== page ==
The Windsor Star from Windsor, Ontario, Canada on January 26, 1938 · 22
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The Windsor Star from Windsor, Ontario, Canada · 22

Windsor, Ontario, Canada
Issue Date:
Wednesday, January 26, 1938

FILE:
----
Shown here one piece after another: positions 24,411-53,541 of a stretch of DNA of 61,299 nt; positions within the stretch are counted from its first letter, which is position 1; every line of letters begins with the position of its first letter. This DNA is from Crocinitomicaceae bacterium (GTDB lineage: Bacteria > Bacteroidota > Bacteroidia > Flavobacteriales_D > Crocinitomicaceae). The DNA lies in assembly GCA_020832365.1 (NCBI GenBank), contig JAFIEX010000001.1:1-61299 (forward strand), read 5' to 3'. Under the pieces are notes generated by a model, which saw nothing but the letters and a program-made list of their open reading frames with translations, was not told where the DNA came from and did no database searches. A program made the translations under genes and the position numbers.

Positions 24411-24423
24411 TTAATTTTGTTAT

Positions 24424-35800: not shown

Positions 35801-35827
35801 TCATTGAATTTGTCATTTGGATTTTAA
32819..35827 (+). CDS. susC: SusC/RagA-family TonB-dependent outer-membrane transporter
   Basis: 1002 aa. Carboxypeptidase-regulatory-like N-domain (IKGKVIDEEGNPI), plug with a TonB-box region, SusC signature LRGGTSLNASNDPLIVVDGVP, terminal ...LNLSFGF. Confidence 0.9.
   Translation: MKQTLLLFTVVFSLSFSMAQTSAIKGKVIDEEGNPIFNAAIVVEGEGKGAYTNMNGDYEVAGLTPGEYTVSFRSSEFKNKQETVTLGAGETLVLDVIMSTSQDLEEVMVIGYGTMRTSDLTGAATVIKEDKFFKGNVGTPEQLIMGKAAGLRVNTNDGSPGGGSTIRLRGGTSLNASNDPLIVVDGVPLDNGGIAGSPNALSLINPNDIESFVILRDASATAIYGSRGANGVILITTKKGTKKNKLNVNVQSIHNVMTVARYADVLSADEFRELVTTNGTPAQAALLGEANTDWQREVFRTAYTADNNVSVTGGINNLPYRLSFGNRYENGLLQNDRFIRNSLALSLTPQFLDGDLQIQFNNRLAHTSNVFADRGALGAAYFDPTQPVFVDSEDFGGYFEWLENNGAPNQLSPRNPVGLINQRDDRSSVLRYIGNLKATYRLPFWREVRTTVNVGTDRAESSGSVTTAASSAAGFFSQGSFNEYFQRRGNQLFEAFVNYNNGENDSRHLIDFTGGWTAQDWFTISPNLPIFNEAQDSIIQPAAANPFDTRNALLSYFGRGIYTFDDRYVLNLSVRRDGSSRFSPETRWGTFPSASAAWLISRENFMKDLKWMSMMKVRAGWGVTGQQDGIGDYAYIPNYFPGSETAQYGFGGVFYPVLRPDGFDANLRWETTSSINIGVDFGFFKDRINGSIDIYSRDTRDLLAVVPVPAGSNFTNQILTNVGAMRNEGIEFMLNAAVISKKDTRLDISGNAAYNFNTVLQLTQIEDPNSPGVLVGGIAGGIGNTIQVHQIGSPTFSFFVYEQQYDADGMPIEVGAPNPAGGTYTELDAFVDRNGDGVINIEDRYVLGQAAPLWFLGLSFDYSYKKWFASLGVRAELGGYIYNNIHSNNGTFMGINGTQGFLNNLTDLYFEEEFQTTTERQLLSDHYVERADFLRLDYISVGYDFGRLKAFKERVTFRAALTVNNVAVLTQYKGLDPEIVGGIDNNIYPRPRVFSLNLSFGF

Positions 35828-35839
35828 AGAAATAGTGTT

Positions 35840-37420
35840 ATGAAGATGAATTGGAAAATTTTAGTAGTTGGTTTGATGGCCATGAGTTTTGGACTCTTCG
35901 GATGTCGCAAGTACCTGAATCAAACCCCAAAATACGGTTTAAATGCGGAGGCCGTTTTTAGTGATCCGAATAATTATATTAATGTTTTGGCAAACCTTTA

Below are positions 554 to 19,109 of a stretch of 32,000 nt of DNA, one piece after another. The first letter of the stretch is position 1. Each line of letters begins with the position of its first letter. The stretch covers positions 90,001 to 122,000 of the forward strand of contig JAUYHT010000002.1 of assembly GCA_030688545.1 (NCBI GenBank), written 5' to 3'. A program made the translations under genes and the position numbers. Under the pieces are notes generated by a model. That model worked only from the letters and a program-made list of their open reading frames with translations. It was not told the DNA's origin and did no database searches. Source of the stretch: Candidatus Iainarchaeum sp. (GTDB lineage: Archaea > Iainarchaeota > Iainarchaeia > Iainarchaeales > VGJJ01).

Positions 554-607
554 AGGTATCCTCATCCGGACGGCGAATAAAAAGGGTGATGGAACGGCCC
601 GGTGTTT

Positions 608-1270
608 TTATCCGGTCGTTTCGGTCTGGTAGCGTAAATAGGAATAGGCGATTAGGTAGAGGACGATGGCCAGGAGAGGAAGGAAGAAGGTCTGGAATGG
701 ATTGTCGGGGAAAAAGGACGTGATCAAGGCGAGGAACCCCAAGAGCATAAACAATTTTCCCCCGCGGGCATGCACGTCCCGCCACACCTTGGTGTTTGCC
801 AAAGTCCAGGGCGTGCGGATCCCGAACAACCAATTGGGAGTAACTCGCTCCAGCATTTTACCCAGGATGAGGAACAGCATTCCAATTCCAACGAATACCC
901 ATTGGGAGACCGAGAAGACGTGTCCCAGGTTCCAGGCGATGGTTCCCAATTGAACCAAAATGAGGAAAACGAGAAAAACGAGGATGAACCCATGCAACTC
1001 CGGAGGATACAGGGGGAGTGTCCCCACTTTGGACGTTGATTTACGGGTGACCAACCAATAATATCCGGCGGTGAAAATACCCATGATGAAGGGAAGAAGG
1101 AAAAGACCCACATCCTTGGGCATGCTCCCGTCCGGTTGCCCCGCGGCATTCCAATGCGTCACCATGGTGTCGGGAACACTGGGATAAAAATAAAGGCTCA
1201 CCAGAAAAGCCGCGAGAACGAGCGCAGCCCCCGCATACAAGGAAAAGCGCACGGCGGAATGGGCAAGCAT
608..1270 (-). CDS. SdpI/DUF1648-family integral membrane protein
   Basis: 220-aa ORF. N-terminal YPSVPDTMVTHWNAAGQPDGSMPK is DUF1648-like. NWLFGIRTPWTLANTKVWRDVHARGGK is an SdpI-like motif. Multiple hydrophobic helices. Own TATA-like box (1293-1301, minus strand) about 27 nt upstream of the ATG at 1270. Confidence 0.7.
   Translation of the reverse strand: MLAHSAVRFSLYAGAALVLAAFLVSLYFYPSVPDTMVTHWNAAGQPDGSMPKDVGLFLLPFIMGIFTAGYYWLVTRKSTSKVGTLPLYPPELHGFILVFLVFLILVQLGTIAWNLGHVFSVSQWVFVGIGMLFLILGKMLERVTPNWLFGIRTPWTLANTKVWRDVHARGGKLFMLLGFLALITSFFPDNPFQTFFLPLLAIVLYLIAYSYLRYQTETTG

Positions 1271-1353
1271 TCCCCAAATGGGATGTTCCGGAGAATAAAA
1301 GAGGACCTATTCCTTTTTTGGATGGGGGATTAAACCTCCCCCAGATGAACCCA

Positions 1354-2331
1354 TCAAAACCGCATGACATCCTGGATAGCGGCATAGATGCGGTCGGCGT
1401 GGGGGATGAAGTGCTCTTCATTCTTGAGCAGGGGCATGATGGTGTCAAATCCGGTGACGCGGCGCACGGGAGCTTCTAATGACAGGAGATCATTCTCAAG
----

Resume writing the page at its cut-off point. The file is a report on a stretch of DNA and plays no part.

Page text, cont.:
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:TIIE WISD'OR DAILY STAR. WlD?On, OXTARIO. WEDNESDAY. JANUARY 193S Miss Loy Says Self-interest Afflicts Actresses El vet Executives Of Altar Society ST 7 JCCK-U ;i : AT i: a- Grit Head Retires SI1ICOE. Jae. Z6 Jnne lr. pri: drtt ct the Sncoe Liberal fir mire than tiiree years. erci Son iMt tisat in iar of C. R Birt Otr .er ei"tl at tfc as.nna.1 meeting were: V.te- prvdrr.l. t It A. Cno3, er:fT "Man-Proof" Features New Double Bill at Capitol Theatre f-'j.---- fc.-ur f U Wjf 5 I HURRY I fl-t yv 1 HURRY 1 ! UMr - - ; LAST TWO Frill 0 DAYS f i ' Thursday! X f W 1 I 1 Lff7.r,.J An Sit! Ml ultra-modern 'ory of romance. "Man-Proof." a four- Proof" with an outstanding cast which cnens I includes Rita Johnson. Nana Bryant, I Dnth Uticci Ttward Prnn John !fwu.tT. T. 1- rwi. nwiuu. A-e!iocajr t w capital iwaw won a Miijen William Suck. Oscar OShea ' Da .;iiif4. Owar 0?ertaui! J- O f ?eUr east headei bt Myrtta I9y. and Can Toby. b" ( Franchot Tcne. Raiiluid Ruiell and i one ol the most charming rural Wiiw P;tlEn Pictures to come to town in many a Kmus fr her partrayal as the tf Monogram's -County Fair.'" idtal Aiwmn mile. Miss ly now jnhirh also opnd today at Uie Caoi-fienaU'S trnm her tmuvl ro! t- P'ay a J toi Thratrc. Lab?led as the only pic- j smc woman mhcae man is stolen by ; jur m be made this year about aj a rival. i county (air. it Is symbolic or the rural j in savL'n e;i;r.K3 ci mrirupuuuiii i u: tnat nas maoe America wnai n is Hator. M.- Loy appears at a newspaper artist In love with a sarial climbrr. Walter Pidg-Kin. Pwigeon weds an hrl: R isaiuid Russell. Instead, and thry lea on thMr honeymoon. Franchut Tcne. a cartrn!t. secretly Ml toy but will not admit U to her. Ti".ry remain "pals." Mas Lo" lemporardy ff-rerw her defeat until the honeymoon rs return, when snc enws hr sir e. today. The story concerns a fine American boy a Jockey, played by John Arletige and his sidekick, played by Fuzzy Knight. They are framed by crooked mobsters and ruled off the track by the Turf Association, whereupon they J travel from one county fair to another , to race horses, as the a&sociation has ; no jurisdiction over these courses. i On their travels they meet a young- j The w'.fe. RcsaUr.d Russe!L finds I t-.r nlavl hv Jimmv Butler, who has ; her turtund In Miss ly's romm and ! race horse that is a real winner. His eftera him a divorce. As he will lose j father. J. Farrell MacDonald. wants ! his soft Job with h:s wife's rtch father. to put the horae to ploughing, but i he declines the divorce. Miss Loy at i jimmv's sister, plaved by a charming last realizes U-e foolishness cf her In- . screen newcomer. Mary Lou Lender, iatuaticn inr me tr.n man. tone and Tone pledge to remain pub." but her mother knows they are in love. Richard Thorpe directed "Man- mam mn mcfm - CHDCKl'ilD 20e . ntil a.r foiri: Tommy Farr vs. Jimmy Braddock ointiAL rim CLS They Won't Foriel ! "There Co the Croom" lAltC RU J ANN SOtlltRN Ottll IkKM.tR MRY IU1L.WO I" thurT . fri."-sat. -J '15 ' -, J- 1 rt-y v7 ALLAN LANE t Y T i II Ltritvitvc iwsiN I i rlrv I II rrr kZ,imf2A -NAN GREY KENT TAYLOR Dmorrware for the Ladies believes in him and in the horse. It is inevitable that John Arledge and Marv Lou fall in love, and many troubles beset their path. How they win the old man over, how they trick the crooked gamblers, and how they win the big race makes exciting movie-going. " Roof Is Collapsed By Snow and Ice SEA FORTH, Jan. 26. Melting snow and ice and possibly a strong wind Monday msht combined to cause the collapse of the roof of the building occupied by J. E. Keating s drug store here during the night. Hundreds of dollars worth of damage was caused. The building is a two-story and ' attic structure. Apartments on the second floor were empty except for the office of Dr. F. J. Beachley. dentist, whose premises were not damased. When the roof caved in the melting snow and ice drippod down through . the ceiling into the stock-room of the 1 drug store. 4 : t The Theatre and Its People . 1 ! ' Jr ?.Jt. . Ifc: i F Thinks It Hazardous To Marital Happiness Advises Against Letting Outside Job Interfere Willi Important Career As Housewife By FAN-FARE THIS column has had a lot of guests since its inception, but none in whom we take more pleasure in presenting to you than Myrna Loy. Myrna, you know, has been able to make successful careers of both marriage and her picture work. So we wrote to her and asked her to state her views on the old question of "how to be happy though married." And here she is, the girl who gets so freckled in the summer that she looks as though she were sun tanned through a screen door. .-uvrtu hit Joe Pennee - Harriet Milliard Parlvakarkus "NEW FACES OF 1937 Guy KlbW - I na Merkel -DonU Tell the Wife "RI t - Uinnerware - FKEK .in. WW opr. -WEST OF 44r4 Coris Karloff SHANGHAI- TO PREVENT MALARIA LADYSMITH. South Afrlra. Jan. 26. Tree-planting is being carried out in Natal to prevent malaria. It has been found the malaria mosquito breeds only in pools open to sunlight. in Cough! Crush! Cough! W heesmg and i rhoLing! (Jet quick relief by taking j Tcmp'.etonaRAZ-MAII Capsules. Get a, 50c or SI box from your druggist. FRCC Writ for FItF.rMmplftnTmpklon 7..!L Ltmiud. R.U-JUli,MColltinM., .'oCinlo. 617 WALTER WANGER'S produstlcn of the Clarence Budinjton KcIIand story "Stand-In," which opens at the Vanity Theatre tomorrow, Joan Rlondell, attractively posed above, takes sedate Leslie Howard in hand and teaches him the rumba and jiu-jitsu. "IT OLLYWOOD is a fertile field for making a crop of mistakes," writes Myrna. "I discovered that through years of motion pictures. The first mistake I made was to let myself be typed, which happened to me in earlier years when I played the adventures with a great deal of constancy. It was fun. but utterly false. But the funniest part of it was thit I was so thoroughly Occidental that I had never been out of my native West. Hollywood has also seen mistakes in love. Love Is selfish, but it is forgiveable selfishness. It has created more happiness and more misery than anything else in the world, and to be happy in it. we hiust he sure cf it. To be miserable in it l means that it is the greatest mistake 1 in the span of a life. This mistake is often made in Hollywood. Marriage is a fine thing if you can make a success of it, but to do this is to leain the value of compromise. FvT By Annie Oakley AX GORDON is inquiring of Paramount how to go about securing the services of Mae West for a Broadway play, but among Mr. Gordon's backers you'll probably not find the National Broadcasting Com pany. H ER dramatic roles having included Dine and Dance TONIGHT Prince Edward Hotel From 9 p.m. N Cer 1 barer ... Minimum f'herk o? - i - 3. . i . . . 7 . A TH0M4S RECK PAULINE F8E0ERICK JAYNE REGAN SIDNEY ftlACKME SIC SUM ANN JOHN CARBADINE l t tieeilrf: nm MMr-Jt-k' lllejr la Danger. Love at Work I .rtJ iTlro' I rink la -DARK JOURNEY" EASY CREDIT Unbreakable PLATESg all! !'""" . , 1U sirvlca 1-Day Sinrlet I fin Liii! intact . . ntuctieM It li flTt HMII5 in . DENTIST III Wto.war. ,VT- IH11II TODAY THURS- FRI. unta & p.m. r Hint 5Wlnrr-1. UIQ LUt' SOCIti. --"TO WIN fli W ai b m Mraar TONIGHT ON THE STAGE U3L 1 M S!EiE w I PBRQDWF Dumas classic to Iris March in "The Green Hat." Tallu'.ah Bankhead is now ECheduled to play the feminine lead in the Shuberts" musical version of "By Candlelight." In the original play, adapted by P. G. Wodehouse from the German of Siegfried Geyer, Gilbert Miller starred Gertrude Lawrence, with Leslie Howard and Peginald Owen in the supporting cast. 1 That was in 1029. When the show tame to Detroit in 1930 the leading j parts were in the hands of Donald ("Merry Widow") Brian and Edith Talliaferro. ; THOUGH Katharine Hepburn won't be acting "Jane Eyre" for the New York Theatre Guild this season, that management has her under contract for next year. . A great season for plays on religious themes ("Father Malachy's Miracle," "Many Mansions," "Shadow and Substance." "Susan and God") and now Dennis Doncghue has v ritten "Demi-God." dealing with the Father Divine movement. . . Ann Harding would like to try acting Helen : Jerome's "Charlotte Corday.". . .It's 1 10 years since Miss Harding last ap-ipcarrd on the stage. . .in "The Trial of Mary Dugan." weeks earlier Chicago had seen a pirated version of the Gilbert and Sullivan opera, but the matter was taken to court and the law upheld Mr. Kurnham s claim that the D'Oyly j Carte- script, which he used, was the i real McCoy. . .or Mikado. S IMEE SEMFLE McPHERSON may have been a flop on Broadway, oat she still knows how to hitch her salvation wagon to a hit, as witness her current performance at Angelus religious Temple v ersion cartocn. Dwarfs.' in Los Angeles a cf the Walt Disney feature "Snow White and the Seven OPEAKING or "Snow White and the Seven Dwarfs," theatre managers in many American cities are up in arms because the RKO film exchanges demand a 50 per cent, split on what the full-length Technicolor cartoon grosses at the box office. Besides that, the film people insist that the exhibitors charge children full adult prices to see the show. '"PHIS is especially true of profes-sional women who are apt to be fDoiled bv Dublic adulation. So much attention is paid to them that they are in danger of becoming ingrown Actresses must devote so much time to themselves, or think they have to. that in being constantly engrossed in themselves, thev forpct others. "I believe the tendency of actresses to be spoiled has gone so far that an rdiustnient is necessary. Women in other professional lines adjust themselves to interests outside their work. even to marriage, so wny snoiuan v we? In marriage, a wife is a wife, no matter what her work may be. From what little I have seen, the actress has so little time to play and so much work to do in Hollywood that she is sot to carry her work into her private life. It is a treat mistake for profes sional people to take the studio home writh them. "It is a mistake for the married eatress to have her hair dressed at nieht and to go home done up in pins tnd looking like a porcupine. A husband does not want to gaze upon a fright sitting opposite him at ' the dinner table. These, and others, may appear to be tiny mistakes, but collectively, thev breed misery. A little thoueht and tolerance will aid in avoiding them." Officers Returned At Erieau Church ERIEAU. Jan. 26. St. Paul's Anglican Church held its annual veslrv meeting in the parish hall of the church. Rev. W. C. Tompkins, rector of the church, presided over the election of officers. The officers of last year were returned to office as follows: PcoDle's Warden, M. K.-Jackson: rector's warden. W. C. Estabrook; vestry clerk. T. C. Angel: lay delegate to Svnod. Vaughn E. Ellis: auditors. Mrs. George Buffhan and Mr. V. E. Ellis. The financial reports were given and all departments showed a small balance. Held at Goderich In Horse Theft GODERICH, Jan. 26. James Adams, Hay Township, was lodged in the county jail yesterday charged with stealing a horse. It is alleged by police that Friday night, during the course of a hockey match at Clinton, Adams took horse, cutter, robes, etc., from a church shed in that town, driving it to a barn in Hay Township, where it was allegedly found by County Constables Jennings and Ferguson. The animal belongs to Witmer Shanahan, Hullct Township. It is a work horse valued at $175. Adams will appear before a Justice of the peace in the morning. Miss Era Glassier Weds at Tilbury TILBURY, Jan. 26. A quiet ceremony was performed by Msgr. C. A. Parent in St. Francis Church. Tilbury, yesterday morning when Eva Glasier, daughter of Mr. and Mrs. Samuel Glasier. Tilbury North Township, was united in marriage to Edward Qucenville, son of Mr. and Mrs. Henry Quecnville, of Staples. Rosala Damphouse acted as bridesmaid and Raymond Bissonette acted as groomsman. N OW in Paris, Eva Le Gallienne has 1 ll M IV WIN 1 ) $20.00 v.r.;.r::? u ON TIIC MttKI.V 2 I.IIKtT GASKETS OF GROCERIES IJy Consumer's Warehouse HIT 15C SimI 25C Eve. ' Marcel Maurette's "Madame Capet." current at the Montparnesse Theatre, and wUl do the adaptation herself. . . Blanche Yurka is entertaining Dallas in "Lysistrata" . . not Gilbert Seldes' version of the Greek classic but her own, under the title of "First Lady of Athens" . . .Hyman Adler, recuperating from an illness, announces his ' imminent return to the theatre's j inana serial ranks. . with a play en-i titled "Marijuana." O' ,N THEIR recent trip abroad, Katharine Cornell and her hus-; bend, Guthrie McClintic, called on Rudolf Ecsier at his home on the Isle of Jersey. . the same Mr. Besier who, with "The Barretts of Wimpole Street," gave Miss Cornell the greatest hit of her career. . And now the supposition is that Mr. Besier is doing another for her, . Charles Burnham, who died of a heart attack in Florida the other day, was the man who brought "The Mikndo" from London to New York pnd launched it at the Union Square Theatre on July 20, 1835. . .Twj THE STANDOUT COMEDY-ROMANCE OF THE YEAR! Go to town with the Woll Street timid soul yf tfV vvho ties filmland up in knots! . . . Get the j laugh of your life from his romance with S. the beautiful stooge for a star! It's the grandest tale that Clarence Buddington Kelland (author of "Mr. Deeds") ever wrote ! XJAW' ru,suits OS Hit- SAME PROGRAM VMS.- III IM II-" a nr.-i-al r r ran.. JO , WALTER WANGER presents J fjjf iGxL Sao f M U-rrJlN 5T T O -O STEPS OUT" j f x A. rt A 1 m II 11 A II li Olivia De Haviland in V-' Yl U 0 YA A Vs-? The Charge of The j 1 j 1 lJJJfc; 20 in S1.-UI1 SOr after SOO I aST.. Youth on Parole VQ N j SUrtine TomTfw f mr Quo Weefc J I I I I !tITZI GREEN, who recently closed "in the Broadway musical, "Babes in Arms," will be seen in the next Fred Astaire picture, "Carefree," and will sing several of Irving Berlin's new songs, including "You Can Be My Cave Man". . . Sam Goldwyn has again lost the services of Ben Hecht. . .This time the writer was miffed because he was refused permission to take six friends into the projection room where the "Goldwyn Follies of 1938' was being screened. . .However, Ben has gone over to Paramount, thus rejoining his old writing pal, Charlie Mac-Arthur. JOAN BENNETT, now touring in "Stage Door," will give her last performance in this play at Chicago's Grand Opera House on February 5, Hollywood having called her back to go into the Columbia picture, "Holiday." . . .Georgianna Belzer, youngest of Loretta Young's acting sisters, who will make her film debut in Universale "Mad About Music," has adopted the name Ann Royaie. . .The otners 01 the tribe, in addition to Loretta, are Polly Ann Young and Sally Blane. . . Under Jackie Cooper's new contract with Monogram, the erstwhile child actor is to get $3,500 a week, with a minimum guarantee of $10,500 for each of two pictures. XVE'VE HAD a lot of news about that bis heart that Jane Withers has. Today we've more about her kindliness, and dog poisoners operating in Westwood and Santa Monica canyon had better look out now. Jane has organized 40 kids of the district into a band of juvenile detectives Ewom to stop the slaughter of pets. Situation was so bad that 11 doRS were killed in two weeks. Odd part of it is that the police are seriously working on two clues turned in by the youngsters. Parents of Jane allowed her to oifer a S50 reward to any kid who turned in the poisoner ... By this time Kev Luke, the Chinese actor, must be a discouraged man. As you know, he plays Warner Oland's son in the Charlie Chan series. Well, m preparation for "Charlie Chan At the Opera." he took voice lessons for weeks, because they told him he would have to lead the chorus. But when the picture came out. his singing was just the briefest of flashes . . . Then came "Charlie Chan at the Olympics," and Luke was supposed to be a swimming champion, so he practiced for four months, difficult strokes, which would look convincing before the camera. The closest he came to swimming in the picture was one shot of him climbing out of a pool . . . The final blow was "Charlie Chan at the Ringside." The Oriental actor practiced boxing for weeks . . . and they decided to cut these scenes out of the film! s c cat cc a JUST ABOUT in DESPAIR with SHARP PAIN OF If you are Buffering from the eharp piercing pain in hip and thigh of sciatica, read what T-R-C's did for Mrs. E; Wilkins, Benton Station, Alta; She wa laid up with an extremely painful attack: "Nothing seemed to do me any Rood," ehe writes. "I was just about in despair when I learned about T-R-C'sj These capsules brought quick relief, and I waa able to gp back to work; I always keep T-R-C's in the house, and thus never let an attack get started." T-R-C's have brought quick relief to former sufferers from many forms of rheumatic pain and stiffness rheumatism, arthritis, lumbago, sciatica, neur itis, neuralgia, tie douloureux, gout, pleurodynia, etc. They ars a rtnl rheumatic remedy not just ft general purpose tinedieine. I-t T-R-C' help you. ft ft 50c or 11 bot from your druggnt. 4A8 TEMPLETON'S T-R-C't M OVIE chatterers worked themselves HATTER BOX: Did you hear what hapoened when Claire Dodd. Wendy Barrie. Al Vanderbilt. and Cubby Broccoli went bowling? Claire, a tyro at the game, let go a nan on the backgwing. and it caucht Wendy on her fhapely shin ... Under contract since July. 1936. Delia Lind w making her first picture . . . The Laurel and Hardy comedy "Miss Swiss" . . . the fancy estate you'll sf-e in the picture "Men Are Such Fools." belongs to William Keighley, one of the studio directors. It was chosen be cause it has a steam-heated swimming pool . . the studio not wanting to take any chances on Wayne Morris ! and Priscilla Lane catching cold . . . The Met offered Ilona Massie the lead in Strauss' "Bozena" next spring, but she'll have to turn it down because of another company's big plans for her . . . After the performance of I "The Women." in Hollywood, the Bilt- more Bowl is throwing a party for Lois Wilson and the whole cast. For a pag. they have been asked to come without escort . . . Rudy Vallee's fpvorite dining spot is Lindy's. He and Gloria Youngblood hav been twoing it their again . . . And the parting of Glenda Farrell and Drew Eberson was a sweeter sorrow because she was so tsped up on account of pleurisy that ull they could manage was a Hays' office kiss . . . when Warner Oland walked out on 20th Century-Fox (because he was obliged to work on a "drafty" sound htage) and the studio scrapped all further "Charlie Chan" undertakings. . . .Around Hollywood this was the laugh of the year. . .The town has never had such a warm and sunny winter, and on the day of Mr. Oland's goosepimples it was 77 in the shade! "OMES now the Harlem version of the Edgar Bergen vogue. Charlie McCarthy dummies are popular in blackface! OETWEEN Walt Disney and Edgar Bergen," remarks Jack Oster-mtn In Variety, "a human being a few years from now will be able to get a I lot of dough as a novelty act." Will S a 11 tl Roads STEVENSON. Jan. 26. Romney Township council has passed a by-law to have hills on township roads sanded when t:ie-e is ice. IL fortifies school children against colds and epidemics VIROL helps children to maintain a reserve of strength to fight against the strain of Winter. 1 U ilel V t: Iliiu, Uii lUft ll&ililJ luaua oauu- 1 tMHHiMMBHMMHMBMa